Quick story.

A few years ago I wrote a letter for a large, national organization you know the name of.

The letter was a huge success – it doubled the number of gifts they projected, and the average gift was higher than expected, too.

The President of the organization was pleased with the letter’s performance… and thought it would have raised even more if it was more in his voice.  So he wrote the letter the following year. 

His letter brought in half the number of gifts. 

The president is a very smart person and a great public speaker.  But his communication style – his “voice” – was not effective in direct mail.

There’s no judgment here; there’s absolutely nothing wrong with his voice.  But no one voice is always the best voice for all contexts. 

Quick common example: an organization decides that as part of their voice they will always describe their beneficiaries with one particular phrase, and that phrase is highly academic.  That phrase is perfectly appropriate in a grant application to a foundation with subject-matter expertise.  However, in a fundraising email to individual donors who don’t immediately know what the phrase means, the phrase will usually cause the organization to raise less money.

A nonprofit’s “voice” needs to be flexible enough to be modified for whatever context it’s communicating in.  To be most effective, a speech to a state legislature should sound a little different than a direct mail letter to individual donors, which in turn should sound a little different than a grant application.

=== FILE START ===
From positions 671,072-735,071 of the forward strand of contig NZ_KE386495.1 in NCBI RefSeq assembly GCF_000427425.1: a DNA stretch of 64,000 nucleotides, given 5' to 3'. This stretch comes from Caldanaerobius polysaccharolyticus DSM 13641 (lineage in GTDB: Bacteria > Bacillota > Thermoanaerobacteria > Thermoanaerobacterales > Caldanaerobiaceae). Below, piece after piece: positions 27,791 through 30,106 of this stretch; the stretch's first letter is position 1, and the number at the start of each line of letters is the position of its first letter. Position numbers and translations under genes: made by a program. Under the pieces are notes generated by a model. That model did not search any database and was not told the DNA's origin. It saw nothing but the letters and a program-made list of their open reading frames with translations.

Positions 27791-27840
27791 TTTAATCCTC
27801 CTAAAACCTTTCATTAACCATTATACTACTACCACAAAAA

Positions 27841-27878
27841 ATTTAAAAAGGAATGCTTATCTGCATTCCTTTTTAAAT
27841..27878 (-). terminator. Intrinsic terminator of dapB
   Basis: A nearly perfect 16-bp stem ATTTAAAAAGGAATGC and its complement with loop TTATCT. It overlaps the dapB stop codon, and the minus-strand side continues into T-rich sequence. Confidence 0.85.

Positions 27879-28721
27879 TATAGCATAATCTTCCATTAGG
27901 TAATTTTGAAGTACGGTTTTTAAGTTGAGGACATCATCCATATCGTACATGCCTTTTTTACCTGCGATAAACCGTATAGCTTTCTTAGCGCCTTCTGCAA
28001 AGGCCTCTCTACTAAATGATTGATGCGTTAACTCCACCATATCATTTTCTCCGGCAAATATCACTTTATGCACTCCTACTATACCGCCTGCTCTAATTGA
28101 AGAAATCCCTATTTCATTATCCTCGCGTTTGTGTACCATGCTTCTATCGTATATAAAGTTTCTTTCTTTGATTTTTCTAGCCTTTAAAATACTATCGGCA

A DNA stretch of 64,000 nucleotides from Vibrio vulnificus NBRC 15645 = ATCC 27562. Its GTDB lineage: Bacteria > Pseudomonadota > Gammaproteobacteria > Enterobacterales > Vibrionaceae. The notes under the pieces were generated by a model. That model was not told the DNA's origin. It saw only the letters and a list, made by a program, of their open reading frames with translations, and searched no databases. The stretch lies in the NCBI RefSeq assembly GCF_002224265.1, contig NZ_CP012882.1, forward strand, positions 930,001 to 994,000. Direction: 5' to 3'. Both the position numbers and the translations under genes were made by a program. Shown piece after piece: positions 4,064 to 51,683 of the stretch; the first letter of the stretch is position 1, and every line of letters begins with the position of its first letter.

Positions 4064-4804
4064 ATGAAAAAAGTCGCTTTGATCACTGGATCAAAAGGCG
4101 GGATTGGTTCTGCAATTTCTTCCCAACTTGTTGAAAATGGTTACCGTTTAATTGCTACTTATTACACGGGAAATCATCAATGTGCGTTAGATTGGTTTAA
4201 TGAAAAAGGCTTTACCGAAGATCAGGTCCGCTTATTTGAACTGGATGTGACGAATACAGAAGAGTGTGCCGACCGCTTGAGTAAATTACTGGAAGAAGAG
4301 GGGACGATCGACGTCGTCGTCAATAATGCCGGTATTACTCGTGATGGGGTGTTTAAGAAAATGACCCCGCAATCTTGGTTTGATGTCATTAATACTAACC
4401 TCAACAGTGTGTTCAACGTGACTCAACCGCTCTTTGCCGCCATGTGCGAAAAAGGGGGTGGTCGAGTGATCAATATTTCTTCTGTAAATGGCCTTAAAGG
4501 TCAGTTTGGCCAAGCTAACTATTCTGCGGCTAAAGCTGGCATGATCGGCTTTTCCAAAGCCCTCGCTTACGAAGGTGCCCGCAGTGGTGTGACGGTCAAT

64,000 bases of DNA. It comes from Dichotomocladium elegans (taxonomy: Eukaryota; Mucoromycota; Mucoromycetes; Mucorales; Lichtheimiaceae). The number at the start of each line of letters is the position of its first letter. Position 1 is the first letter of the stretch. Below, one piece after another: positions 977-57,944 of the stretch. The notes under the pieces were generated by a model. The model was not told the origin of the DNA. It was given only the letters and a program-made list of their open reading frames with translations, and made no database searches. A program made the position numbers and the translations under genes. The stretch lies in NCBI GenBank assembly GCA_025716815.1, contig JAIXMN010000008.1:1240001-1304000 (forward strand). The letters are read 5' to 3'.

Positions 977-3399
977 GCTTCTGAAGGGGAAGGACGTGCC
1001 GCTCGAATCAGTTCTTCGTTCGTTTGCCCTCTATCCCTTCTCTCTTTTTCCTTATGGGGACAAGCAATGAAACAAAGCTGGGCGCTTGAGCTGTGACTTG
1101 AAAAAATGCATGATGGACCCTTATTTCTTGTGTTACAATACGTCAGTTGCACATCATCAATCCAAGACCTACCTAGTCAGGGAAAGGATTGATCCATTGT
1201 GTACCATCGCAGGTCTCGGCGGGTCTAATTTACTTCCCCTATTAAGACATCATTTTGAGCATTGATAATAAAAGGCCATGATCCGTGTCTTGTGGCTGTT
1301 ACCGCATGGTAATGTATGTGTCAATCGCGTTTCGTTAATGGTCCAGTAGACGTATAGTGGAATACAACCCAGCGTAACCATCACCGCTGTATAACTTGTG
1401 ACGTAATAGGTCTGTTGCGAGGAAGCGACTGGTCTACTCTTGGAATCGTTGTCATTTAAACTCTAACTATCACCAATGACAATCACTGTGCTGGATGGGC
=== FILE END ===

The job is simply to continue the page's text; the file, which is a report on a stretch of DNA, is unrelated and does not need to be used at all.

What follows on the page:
If your Executive’s voice, or your brand voice, isn’t flexible enough to be adapted to meet the requirements for success in whatever context you’re communicating in, slavishly following any voice is costing you more than it’s helping you.

If you use the appropriate voice for each context, instead of using the same voice in every context, you will raise more money.


Steven Screen is Co-Founder of The Better Fundraising Company and lead author of its blog. With over 25 years' fundraising experience, he gets energized by helping organizations understand how they can raise more money. He’s a second-generation fundraiser, a past winner of the Direct Mail Package of the Year, and data-driven.

One comment on “Voice

  1. Steve,
    Great article. You may recall that I used to work for a large retirement community. The new ED didn’t like the way my appeals sounded and required a rewrite.
    The rewritten appeal did poorly, compared to previous appeals written following your wisdom. I am now enjoying my “early” retirement and have the honor of helping a couple of non profits in our area with their appeals. Thank you for sharing your knowledge with us.
    God bless you and all you do!!!!

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